Can copyrighted content be used to train artificial intelligence models?
Many doubts have arisen in relation to lawfulness and other issues related to the ways generative AI models are fed. Most systems are trained using huge amounts of content—text, code, images— “scraped” from the web.
There is no easy answer to whether or not scraping is lawful, not least of all because it is difficult even to comprehend the size and complexity of generative AI training datasets. The answer will vary depending on the specific case and applicable law.
In the United States, AI researchers, startups, and established technology companies invoke the doctrine of fair use as legal grounds for seizing massive amounts of works protected under U.S. copyright law.
The doctrine of fair use ultimately aims to balance the interests of those holding exclusive rights to protected work with the social and cultural benefits derived from the creation and distribution of derivative works.
The doctrine of fair use has no direct match in Italian or EU law, but this does not mean that the European legislature and the Italian legislature have failed to address the balancing of the rights and interests of authors and other rightsholders with those of users in connection to certain new types of use of digital works.
This issue was most recently addressed by Articles 3 and 4 of the Directive on Copyright and Related Rights in the Digital Single Market (Directive (EU) 2019/790), which resulted in an amendment to Italian copyright law.
In particular, for our purposes here of considering limits on the legality of training artificial intelligence models, Articles 3 and 4 of the EU directive provide that, in certain circumstances, copyright or exclusive database rights may not be used by their respective holders to prevent massive extraction of protected content, i.e., “text and data mining.”
Text and data mining encompasses any automated analytical technique for analyzing text and data in digital form to generate information, including, but not limited to, patterns, trends, and correlations.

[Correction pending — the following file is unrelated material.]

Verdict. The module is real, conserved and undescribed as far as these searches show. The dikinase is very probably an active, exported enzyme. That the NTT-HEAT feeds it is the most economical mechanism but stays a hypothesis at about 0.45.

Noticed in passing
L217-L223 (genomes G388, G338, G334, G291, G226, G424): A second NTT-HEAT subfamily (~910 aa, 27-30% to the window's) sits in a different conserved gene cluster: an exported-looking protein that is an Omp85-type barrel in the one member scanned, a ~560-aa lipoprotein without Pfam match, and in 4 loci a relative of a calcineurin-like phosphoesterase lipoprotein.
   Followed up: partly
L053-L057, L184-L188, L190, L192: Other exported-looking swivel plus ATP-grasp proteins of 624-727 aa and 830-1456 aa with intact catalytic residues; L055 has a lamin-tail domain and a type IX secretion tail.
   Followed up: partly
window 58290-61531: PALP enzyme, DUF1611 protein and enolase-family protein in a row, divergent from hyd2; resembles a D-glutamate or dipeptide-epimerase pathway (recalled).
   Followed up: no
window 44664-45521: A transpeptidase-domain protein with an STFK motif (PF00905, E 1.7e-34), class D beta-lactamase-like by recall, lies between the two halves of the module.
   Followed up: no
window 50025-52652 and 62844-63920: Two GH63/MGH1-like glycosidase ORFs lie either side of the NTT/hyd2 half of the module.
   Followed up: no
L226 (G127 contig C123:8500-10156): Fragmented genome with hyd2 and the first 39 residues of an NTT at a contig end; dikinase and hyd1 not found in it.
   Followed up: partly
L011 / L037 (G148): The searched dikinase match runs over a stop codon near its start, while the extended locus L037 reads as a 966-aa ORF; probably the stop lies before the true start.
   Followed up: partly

According to the EU directive and the Italian implementing legislation, such massive digital data mining and reproduction are freely permitted when carried out by research organizations or cultural heritage institutions acting within the limits of nonprofit study and research activities, and provided that access to such data is lawful. If the scope of the exception had been limited to this hypothesis, however, the European and Italian legislatures would not have noted that text and data mining is also a valuable tool for all participants in the digital economy, not just a handful of research institutions. According to Article 4 of the directive, Member States must establish that text and data mining is always lawful provided that the use of the extracted works and other materials has not been expressly reserved for the rightsholders in an appropriate manner. In other words, from the European perspective, it is rightsholders who must take action, by appropriate means, to keep content over which they can exercise exclusive rights from being subject to massive data mining.
Recital 18 of the same directive specifies that “in the case of content made publicly available online, it should be considered appropriate to reserve such rights only through the use of machine-readable means, including metadata and the terms and conditions of a website or service” and that “in other cases, it may be appropriate to reserve rights by other means, such as contractual agreements or a unilateral declaration.” The Italian legislature has decided not to give specific instructions for how exclusive rightsholders may reserve rights and not authorize text and data mining, even implicitly. In Germany and the Netherlands, on the other hand, use of works accessible online can be effectively reserved only if it takes machine-readable form. One example of technology going in that direction is DeviantArt, which has created a metadata tag for images shared on the web that warns AI researchers not to scrape its content.